REVIEW: I miss having a photo of a book jacket to post at the top left of my review. That's because there is no book jacket for The Big Empty. I'm sure the publishers put it down to the recession that they haven't found a place for this sharply funny, jaggedly violent tale of a man walking a tightrope above a twisty canyon of family deceit and dirty money. Whatever the reason, recession or otherwise, it's a shame. Declan Burke writes with a razor wit so fine that the reader feels the sting of a thousand cuts by the end of Harry's journey. (Burke is so incisive that if the man were writing political commentary instead of crime fiction, I would expect to see his column on the Op Ed pages of every major English language newspaper in existence.)
Burke creates a pallet of characters to root for or against, or even just to marvel at. The late Finn's femme fatale mother is a devious creature whose literary ancestry hearkens back to female characters produced by Raymond Chandler and Tennessee Williams. Solicitor Gillick, Finn's shyster, conjures up images of Orson Welles in 'Touch of Evil.' Ben is no cardboard child; he's a breath of fresh air, being both as smart and aware as only a 10-year-old can be, and at the same time as naive as one would expect (or at least hope for) from a child his age; slightly rebellious but still more obedient than he will be at fifteen. He's a kid you can love because he's genuine, being neither a plaster saint nor the demon seed. And that's true of Harry as well. The reader can believe in Harry as much for his failings as for his strengths. And when Harry has been pushed to his limits, when he finally is bent on payback, prefixing 'Dirty' to his name would not be a misnomer. He does some things I've myself wanted to do to a lawyer or two. And it doesn't hurt that Harry cracks wiser than Philip Marlowe.
The pace and tension ratchet up with every complication or obstacle Harry encounters. And the author wisely opted to give Harry enough native wit to parry and sort out the tightly knitted problems and mysteries rather than relying on chance or the one lone missing miracle clue that suddenly ties it all together. Life is not so neat as Jessica Fletcher would have her viewers believe. Some of the mysteries and puzzles may be solved by this story's end, but no one's life is ever going to be as it was, and some mysteries may never be solved. Beyond the wisecracking and the hot tempo, this book has a heart easily wounded. Harry Rigby is that heart. The reader, and Harry, are left in no doubt that where there are wounds, there will be scars.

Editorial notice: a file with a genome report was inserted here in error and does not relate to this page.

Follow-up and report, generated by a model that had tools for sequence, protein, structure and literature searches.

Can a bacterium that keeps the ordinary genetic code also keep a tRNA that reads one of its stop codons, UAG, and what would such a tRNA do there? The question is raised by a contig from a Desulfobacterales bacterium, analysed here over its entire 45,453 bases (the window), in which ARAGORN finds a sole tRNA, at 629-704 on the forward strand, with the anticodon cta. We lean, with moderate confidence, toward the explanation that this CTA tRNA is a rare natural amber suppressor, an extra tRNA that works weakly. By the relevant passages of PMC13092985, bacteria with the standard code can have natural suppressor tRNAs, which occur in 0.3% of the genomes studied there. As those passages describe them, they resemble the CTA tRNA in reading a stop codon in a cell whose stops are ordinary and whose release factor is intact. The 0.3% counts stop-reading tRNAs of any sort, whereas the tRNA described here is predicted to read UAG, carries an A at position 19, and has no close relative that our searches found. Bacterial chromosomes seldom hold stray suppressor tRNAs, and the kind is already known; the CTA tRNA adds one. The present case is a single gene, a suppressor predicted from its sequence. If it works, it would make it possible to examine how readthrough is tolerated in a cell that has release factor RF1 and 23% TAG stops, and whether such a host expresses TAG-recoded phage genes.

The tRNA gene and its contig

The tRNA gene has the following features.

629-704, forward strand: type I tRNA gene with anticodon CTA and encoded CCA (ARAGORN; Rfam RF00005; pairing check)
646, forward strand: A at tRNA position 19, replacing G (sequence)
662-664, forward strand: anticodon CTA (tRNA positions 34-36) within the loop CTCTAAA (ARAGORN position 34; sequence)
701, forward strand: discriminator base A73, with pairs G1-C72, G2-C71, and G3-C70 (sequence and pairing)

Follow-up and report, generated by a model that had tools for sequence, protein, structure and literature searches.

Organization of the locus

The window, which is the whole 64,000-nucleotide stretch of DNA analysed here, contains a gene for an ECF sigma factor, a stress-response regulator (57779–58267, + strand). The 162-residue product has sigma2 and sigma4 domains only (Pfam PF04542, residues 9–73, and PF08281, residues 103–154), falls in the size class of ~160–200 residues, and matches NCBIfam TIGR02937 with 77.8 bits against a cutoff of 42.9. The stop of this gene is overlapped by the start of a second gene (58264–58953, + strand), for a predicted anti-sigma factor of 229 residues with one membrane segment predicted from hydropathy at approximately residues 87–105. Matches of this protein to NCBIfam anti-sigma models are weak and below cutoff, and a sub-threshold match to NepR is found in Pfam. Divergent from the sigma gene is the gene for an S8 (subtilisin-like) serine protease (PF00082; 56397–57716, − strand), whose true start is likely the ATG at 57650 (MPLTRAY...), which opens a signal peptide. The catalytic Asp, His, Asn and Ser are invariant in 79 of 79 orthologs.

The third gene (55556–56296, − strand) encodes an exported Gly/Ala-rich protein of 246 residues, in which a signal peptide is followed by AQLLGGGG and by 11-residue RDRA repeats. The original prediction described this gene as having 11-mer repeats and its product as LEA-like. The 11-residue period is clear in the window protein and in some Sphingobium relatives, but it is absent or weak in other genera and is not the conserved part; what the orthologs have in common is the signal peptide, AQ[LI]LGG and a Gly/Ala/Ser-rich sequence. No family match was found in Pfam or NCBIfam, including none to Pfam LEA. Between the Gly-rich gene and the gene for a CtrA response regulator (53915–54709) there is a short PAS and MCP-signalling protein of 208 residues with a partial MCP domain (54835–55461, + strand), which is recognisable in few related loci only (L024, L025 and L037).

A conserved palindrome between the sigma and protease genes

Just a couple of my favorite lines from this book:
You know you've arrived when a lawyer-type says you lack even a shred of human decency, by the shred being how lawyer-types measure decency.
Kids should love their mothers and hate their fathers. It's in all the best Feng Shui books.
And I forgot to point out that Burke's imagery creates vivid mental scenes:
O'Neill Crescent lay on the outer fringe of the estate, a quiet left-hooking curve of semi-detached cardboard boxes which petered out just before the crumbing road tipped over into a shallow ditch, through which ran a muddy stream choked with shopping trolleys, tin cans, condoms and bicycle wheels. In the bare field beyond, three emaciated ponies snuffled for grazing among the blackened circles of dead bonfires and the rusting hulks of burnt-out cars.
Can it really be recession that's keeping a fast, witty work of crime fic like this off the bookstore shelves? Maybe. Maybe not. Maybe Harry Rigby, or someone like him, should have a little talk with the publishers.